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Is It Disloyal To Be Friends With My Friend’s Enemy?
A reader struggles with whether it is disloyal to maintain a friendship with her friend’s enemy.
I pride myself on being a loyal, good friend. However, I don’t know how to handle myself in the company of people that my close friends consider their “enemies.”
I feel uncomfortable socializing with someone who has offended or no longer speaks to a close friend of mine. Often, these “enemies” of my friends are people I know and like, and I don’t really have any reason to not like them.
Yet, if my friend sees me talking to one of these people at a party or hears I have been with that person in a group situation, I can tell they feel hurt and betrayed by me. I have at least eight to ten people I consider my close friends… so where should I draw the line?
Everyone has a little drama with someone, and if I avoided all of my friends’ enemies, I would be walking on eggshells wherever I went! These enemies include ex-husbands and boyfriends. Is it disloyal to say hello to them?
The list goes on and on. Where do you draw the line of being disloyal to a friend’s enemy? Do we fight our friend’s battles?
This brings to mind that old adage, “The enemy of my enemy is my friend.”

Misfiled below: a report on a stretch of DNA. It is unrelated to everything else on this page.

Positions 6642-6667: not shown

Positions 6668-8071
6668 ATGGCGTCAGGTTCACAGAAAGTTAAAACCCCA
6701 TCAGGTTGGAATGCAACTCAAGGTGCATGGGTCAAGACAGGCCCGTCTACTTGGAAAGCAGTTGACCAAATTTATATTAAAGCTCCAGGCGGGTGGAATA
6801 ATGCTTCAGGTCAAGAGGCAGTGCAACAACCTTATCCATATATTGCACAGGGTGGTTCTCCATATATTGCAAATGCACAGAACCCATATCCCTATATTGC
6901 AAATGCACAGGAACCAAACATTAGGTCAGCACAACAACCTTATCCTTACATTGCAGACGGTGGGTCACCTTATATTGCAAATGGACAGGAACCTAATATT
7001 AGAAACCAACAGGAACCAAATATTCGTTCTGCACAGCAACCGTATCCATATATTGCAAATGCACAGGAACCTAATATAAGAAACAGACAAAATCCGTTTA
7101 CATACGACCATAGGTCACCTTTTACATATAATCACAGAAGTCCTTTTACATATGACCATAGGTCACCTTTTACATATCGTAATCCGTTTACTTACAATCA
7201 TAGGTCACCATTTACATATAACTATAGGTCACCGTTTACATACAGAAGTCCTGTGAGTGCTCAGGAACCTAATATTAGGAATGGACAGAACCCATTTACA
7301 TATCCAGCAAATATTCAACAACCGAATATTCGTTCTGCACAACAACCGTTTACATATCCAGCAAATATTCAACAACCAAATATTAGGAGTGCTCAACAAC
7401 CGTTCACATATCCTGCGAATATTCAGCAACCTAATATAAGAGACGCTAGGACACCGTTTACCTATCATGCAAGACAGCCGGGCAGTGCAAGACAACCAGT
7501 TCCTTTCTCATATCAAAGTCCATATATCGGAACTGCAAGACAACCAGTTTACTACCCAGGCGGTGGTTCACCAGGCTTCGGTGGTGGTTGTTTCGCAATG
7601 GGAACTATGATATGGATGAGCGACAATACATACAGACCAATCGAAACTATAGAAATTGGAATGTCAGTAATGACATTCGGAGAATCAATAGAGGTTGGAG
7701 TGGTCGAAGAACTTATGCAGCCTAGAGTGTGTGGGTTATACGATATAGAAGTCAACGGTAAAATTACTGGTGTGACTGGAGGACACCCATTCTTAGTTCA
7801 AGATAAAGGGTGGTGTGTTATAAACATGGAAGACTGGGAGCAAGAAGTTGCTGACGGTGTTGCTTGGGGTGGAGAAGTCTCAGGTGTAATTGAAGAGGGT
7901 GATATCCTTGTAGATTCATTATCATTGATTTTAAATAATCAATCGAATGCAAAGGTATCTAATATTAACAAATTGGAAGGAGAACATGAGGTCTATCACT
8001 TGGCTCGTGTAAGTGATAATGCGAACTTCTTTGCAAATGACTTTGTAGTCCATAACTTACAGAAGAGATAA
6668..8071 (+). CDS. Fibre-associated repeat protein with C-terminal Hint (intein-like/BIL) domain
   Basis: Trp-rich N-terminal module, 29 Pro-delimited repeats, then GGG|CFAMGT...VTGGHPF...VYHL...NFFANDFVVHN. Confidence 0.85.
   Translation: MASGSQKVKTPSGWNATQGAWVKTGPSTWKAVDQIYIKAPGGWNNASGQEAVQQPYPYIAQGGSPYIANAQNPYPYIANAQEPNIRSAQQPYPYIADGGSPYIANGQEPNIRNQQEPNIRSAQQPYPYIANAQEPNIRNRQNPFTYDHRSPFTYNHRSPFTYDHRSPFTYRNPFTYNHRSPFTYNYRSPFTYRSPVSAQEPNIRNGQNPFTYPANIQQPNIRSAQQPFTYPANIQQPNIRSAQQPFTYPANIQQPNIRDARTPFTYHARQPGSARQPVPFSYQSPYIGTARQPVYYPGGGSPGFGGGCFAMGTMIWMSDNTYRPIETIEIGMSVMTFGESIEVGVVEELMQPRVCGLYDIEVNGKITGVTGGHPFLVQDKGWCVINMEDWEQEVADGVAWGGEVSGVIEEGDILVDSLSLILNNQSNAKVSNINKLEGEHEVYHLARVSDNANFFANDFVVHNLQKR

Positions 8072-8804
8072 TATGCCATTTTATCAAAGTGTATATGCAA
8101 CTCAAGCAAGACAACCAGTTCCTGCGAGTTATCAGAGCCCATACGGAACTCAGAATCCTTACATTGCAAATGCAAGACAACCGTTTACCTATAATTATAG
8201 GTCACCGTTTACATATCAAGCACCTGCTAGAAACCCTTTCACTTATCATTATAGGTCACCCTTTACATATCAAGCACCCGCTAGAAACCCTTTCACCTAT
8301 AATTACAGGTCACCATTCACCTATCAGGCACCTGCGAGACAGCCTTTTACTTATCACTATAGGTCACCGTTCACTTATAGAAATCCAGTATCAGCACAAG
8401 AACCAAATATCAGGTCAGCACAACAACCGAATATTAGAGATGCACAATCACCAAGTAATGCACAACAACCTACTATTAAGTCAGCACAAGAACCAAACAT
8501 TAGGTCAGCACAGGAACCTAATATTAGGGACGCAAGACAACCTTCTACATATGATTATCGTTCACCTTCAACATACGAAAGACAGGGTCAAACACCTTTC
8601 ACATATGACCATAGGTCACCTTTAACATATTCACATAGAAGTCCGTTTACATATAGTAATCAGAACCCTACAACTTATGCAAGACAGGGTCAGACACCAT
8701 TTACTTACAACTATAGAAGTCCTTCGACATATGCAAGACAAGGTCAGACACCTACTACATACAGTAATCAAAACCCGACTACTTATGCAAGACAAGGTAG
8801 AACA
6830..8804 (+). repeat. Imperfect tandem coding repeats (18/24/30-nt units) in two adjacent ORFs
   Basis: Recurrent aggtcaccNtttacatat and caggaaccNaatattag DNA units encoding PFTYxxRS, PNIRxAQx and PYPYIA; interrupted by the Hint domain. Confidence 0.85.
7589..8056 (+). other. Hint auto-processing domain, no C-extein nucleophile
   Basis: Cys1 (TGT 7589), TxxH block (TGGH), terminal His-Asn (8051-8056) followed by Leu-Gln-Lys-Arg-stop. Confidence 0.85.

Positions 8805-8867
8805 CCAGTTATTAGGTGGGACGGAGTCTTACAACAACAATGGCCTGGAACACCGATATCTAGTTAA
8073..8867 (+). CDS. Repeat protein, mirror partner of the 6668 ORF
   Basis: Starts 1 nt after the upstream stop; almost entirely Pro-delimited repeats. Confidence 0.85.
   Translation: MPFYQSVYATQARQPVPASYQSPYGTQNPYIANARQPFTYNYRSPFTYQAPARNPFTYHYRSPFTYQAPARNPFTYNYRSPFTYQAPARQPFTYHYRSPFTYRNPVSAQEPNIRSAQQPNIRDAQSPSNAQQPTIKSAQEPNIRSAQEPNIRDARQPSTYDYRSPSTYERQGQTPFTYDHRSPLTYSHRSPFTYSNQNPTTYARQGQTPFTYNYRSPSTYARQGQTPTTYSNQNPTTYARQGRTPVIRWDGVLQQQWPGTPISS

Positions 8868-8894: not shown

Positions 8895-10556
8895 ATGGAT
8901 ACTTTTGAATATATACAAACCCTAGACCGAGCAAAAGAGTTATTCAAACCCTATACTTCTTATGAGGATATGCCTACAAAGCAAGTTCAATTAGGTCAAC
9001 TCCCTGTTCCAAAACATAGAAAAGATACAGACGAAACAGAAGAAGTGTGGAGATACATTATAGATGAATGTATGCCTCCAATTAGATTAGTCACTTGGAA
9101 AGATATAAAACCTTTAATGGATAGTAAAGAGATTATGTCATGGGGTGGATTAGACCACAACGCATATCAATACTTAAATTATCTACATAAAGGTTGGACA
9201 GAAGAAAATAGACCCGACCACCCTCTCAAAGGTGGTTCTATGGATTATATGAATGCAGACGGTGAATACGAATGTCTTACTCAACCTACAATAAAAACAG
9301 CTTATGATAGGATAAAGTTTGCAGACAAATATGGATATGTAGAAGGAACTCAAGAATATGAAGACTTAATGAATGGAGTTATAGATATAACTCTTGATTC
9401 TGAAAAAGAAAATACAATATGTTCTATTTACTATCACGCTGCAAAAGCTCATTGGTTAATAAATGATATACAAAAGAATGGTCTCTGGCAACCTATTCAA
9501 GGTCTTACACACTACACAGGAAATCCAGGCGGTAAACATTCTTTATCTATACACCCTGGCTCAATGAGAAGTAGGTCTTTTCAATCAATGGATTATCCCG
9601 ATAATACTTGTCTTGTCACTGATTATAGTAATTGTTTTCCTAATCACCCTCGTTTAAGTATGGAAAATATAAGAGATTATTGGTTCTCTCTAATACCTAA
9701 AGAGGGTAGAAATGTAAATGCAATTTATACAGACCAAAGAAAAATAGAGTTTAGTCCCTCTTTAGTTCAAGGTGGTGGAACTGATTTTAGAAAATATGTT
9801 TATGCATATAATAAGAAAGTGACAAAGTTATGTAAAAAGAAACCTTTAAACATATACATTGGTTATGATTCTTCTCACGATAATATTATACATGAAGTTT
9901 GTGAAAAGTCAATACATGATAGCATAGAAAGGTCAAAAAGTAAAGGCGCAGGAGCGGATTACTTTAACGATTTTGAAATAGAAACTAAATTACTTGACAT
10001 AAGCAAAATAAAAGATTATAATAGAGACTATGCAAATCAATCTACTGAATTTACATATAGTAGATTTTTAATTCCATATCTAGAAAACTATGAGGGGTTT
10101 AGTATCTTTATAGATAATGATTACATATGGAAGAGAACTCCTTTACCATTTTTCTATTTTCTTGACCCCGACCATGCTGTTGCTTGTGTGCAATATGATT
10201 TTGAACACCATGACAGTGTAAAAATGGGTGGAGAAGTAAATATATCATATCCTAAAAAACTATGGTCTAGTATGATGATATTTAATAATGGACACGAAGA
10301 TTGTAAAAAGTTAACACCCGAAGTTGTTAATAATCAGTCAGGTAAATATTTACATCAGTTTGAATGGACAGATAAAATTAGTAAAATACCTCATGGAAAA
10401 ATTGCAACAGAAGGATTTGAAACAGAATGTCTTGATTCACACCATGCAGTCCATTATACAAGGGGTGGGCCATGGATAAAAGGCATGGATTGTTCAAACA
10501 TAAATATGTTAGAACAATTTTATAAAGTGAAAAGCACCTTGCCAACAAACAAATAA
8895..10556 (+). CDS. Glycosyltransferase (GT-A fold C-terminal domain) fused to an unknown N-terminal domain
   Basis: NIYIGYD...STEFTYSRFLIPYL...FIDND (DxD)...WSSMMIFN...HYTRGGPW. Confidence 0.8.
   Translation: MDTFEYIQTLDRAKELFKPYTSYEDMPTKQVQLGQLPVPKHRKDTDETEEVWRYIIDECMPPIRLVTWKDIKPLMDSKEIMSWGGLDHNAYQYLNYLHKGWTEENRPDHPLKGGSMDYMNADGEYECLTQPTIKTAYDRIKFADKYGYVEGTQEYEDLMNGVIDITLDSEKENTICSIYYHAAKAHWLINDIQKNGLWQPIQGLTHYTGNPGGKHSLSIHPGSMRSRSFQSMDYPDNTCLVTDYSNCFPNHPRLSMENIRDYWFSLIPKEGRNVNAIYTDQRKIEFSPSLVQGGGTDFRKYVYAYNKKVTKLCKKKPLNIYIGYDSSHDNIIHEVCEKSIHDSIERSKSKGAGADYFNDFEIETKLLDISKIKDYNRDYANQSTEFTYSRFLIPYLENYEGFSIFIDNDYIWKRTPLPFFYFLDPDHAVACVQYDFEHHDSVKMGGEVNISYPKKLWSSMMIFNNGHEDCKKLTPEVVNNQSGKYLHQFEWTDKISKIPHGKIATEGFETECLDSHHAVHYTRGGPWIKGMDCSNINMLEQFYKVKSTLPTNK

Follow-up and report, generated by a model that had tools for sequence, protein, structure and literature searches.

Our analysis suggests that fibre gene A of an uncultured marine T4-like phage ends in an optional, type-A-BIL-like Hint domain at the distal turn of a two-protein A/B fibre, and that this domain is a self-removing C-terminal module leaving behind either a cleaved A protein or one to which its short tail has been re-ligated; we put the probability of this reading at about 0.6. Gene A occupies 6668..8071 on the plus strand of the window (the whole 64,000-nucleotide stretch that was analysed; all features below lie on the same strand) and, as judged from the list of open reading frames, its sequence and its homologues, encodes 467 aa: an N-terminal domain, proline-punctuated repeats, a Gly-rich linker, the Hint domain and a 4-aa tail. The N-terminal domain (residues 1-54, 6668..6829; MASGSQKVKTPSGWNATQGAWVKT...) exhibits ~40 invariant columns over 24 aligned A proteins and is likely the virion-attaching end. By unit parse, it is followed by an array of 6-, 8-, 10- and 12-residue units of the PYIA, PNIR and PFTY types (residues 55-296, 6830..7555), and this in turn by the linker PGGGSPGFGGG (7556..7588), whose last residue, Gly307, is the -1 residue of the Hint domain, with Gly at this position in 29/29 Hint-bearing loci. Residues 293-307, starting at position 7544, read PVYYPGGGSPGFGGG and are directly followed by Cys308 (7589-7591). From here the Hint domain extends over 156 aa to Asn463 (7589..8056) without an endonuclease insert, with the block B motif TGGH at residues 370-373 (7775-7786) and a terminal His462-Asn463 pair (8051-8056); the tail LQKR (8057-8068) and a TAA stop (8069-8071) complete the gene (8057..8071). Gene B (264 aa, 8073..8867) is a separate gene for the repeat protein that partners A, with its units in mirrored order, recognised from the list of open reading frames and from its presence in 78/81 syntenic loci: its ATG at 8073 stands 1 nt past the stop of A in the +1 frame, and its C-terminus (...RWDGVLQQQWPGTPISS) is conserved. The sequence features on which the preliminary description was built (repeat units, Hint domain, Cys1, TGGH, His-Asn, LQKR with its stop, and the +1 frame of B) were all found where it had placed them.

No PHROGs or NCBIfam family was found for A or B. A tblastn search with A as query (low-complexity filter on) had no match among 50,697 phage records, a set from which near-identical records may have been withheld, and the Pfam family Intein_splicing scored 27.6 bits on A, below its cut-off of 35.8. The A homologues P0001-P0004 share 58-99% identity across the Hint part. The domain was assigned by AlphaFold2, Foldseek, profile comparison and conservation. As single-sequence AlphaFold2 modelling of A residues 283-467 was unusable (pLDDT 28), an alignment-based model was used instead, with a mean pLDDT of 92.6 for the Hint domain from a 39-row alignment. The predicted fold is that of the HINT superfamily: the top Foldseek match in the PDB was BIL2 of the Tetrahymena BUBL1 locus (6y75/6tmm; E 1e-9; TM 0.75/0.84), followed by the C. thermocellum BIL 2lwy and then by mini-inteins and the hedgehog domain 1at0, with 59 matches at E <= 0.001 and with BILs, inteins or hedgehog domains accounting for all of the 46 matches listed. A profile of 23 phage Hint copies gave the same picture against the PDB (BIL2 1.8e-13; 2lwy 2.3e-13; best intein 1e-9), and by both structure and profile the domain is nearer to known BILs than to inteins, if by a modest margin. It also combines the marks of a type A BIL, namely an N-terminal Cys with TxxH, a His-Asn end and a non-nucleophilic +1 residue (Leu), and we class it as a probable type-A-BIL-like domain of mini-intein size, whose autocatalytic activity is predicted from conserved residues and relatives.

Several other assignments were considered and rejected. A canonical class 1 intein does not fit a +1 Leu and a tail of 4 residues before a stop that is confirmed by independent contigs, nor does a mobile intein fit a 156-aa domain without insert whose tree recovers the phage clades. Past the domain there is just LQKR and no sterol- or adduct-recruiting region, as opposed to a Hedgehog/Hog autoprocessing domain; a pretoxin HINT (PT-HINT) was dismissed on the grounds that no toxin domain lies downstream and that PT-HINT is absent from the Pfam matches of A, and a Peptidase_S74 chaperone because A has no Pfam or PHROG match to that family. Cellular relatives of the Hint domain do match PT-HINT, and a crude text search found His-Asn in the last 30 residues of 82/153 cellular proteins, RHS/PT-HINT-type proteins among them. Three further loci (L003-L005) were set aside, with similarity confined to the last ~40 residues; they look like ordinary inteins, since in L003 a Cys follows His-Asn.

But it’s not quite that way here, is it? Rather, you’re asking: “Is the enemy of my friend also my enemy?”
We certainly like to stand by our friends, but all these circumstances have to be exhausting for you to keep track of who it’s okay for you to associate with and who is “forbidden.”
Each of the situations you described sounds pretty innocent to us. There is no blanket answer to your question. Rather, what constitutes loyalty and appropriate behavior depends on a number of factors:
1) The reason your friend sees the other person as an enemy
If something extreme or very heinous was done to your friend, you could understand how he/she might feel hurt to think you would befriend the “enemy.” For example, if the other person threatened your friend, he/she might feel like you should have nothing to do with that person.
2) The timing of the “rift”
If your friend just got divorced from her husband, you could predict that it might still be raw and hurtful to think you were maintaining a close relationship with her ex. If they have been divorced for a decade, you would hope your friend would have moved on.
3) The context of getting together with the “enemy”
Having a date or private tete-a-tete with an “enemy” (and doing it in secret) is very different than innocently bumping into that person in a social situation—for example, at a party or wedding, such as the situation you described.
4) The nature of your interaction
If you discuss your friend’s personal business with the enemy or reveal confidences, it’s natural
that this would be seen as disloyal. But greeting someone and asking about mutual friends is simply being courteous.
Although someone is your friend’s enemy, that doesn’t make the individual your enemy—-with the caveats being one or more of the factors described above.
It is surprising that you run into this problem so often. Perhaps your friends are overly sensitive or they are misreading your intent. If the latter is the case, and you are close friends, you should explain that your relationship with their “enemy” doesn’t negate the close bond you share with them.
Irene & Sheryl
Friends need to use common sense in determining whether it’s disloyal or insensitive to befriend a friend’s “enemy.”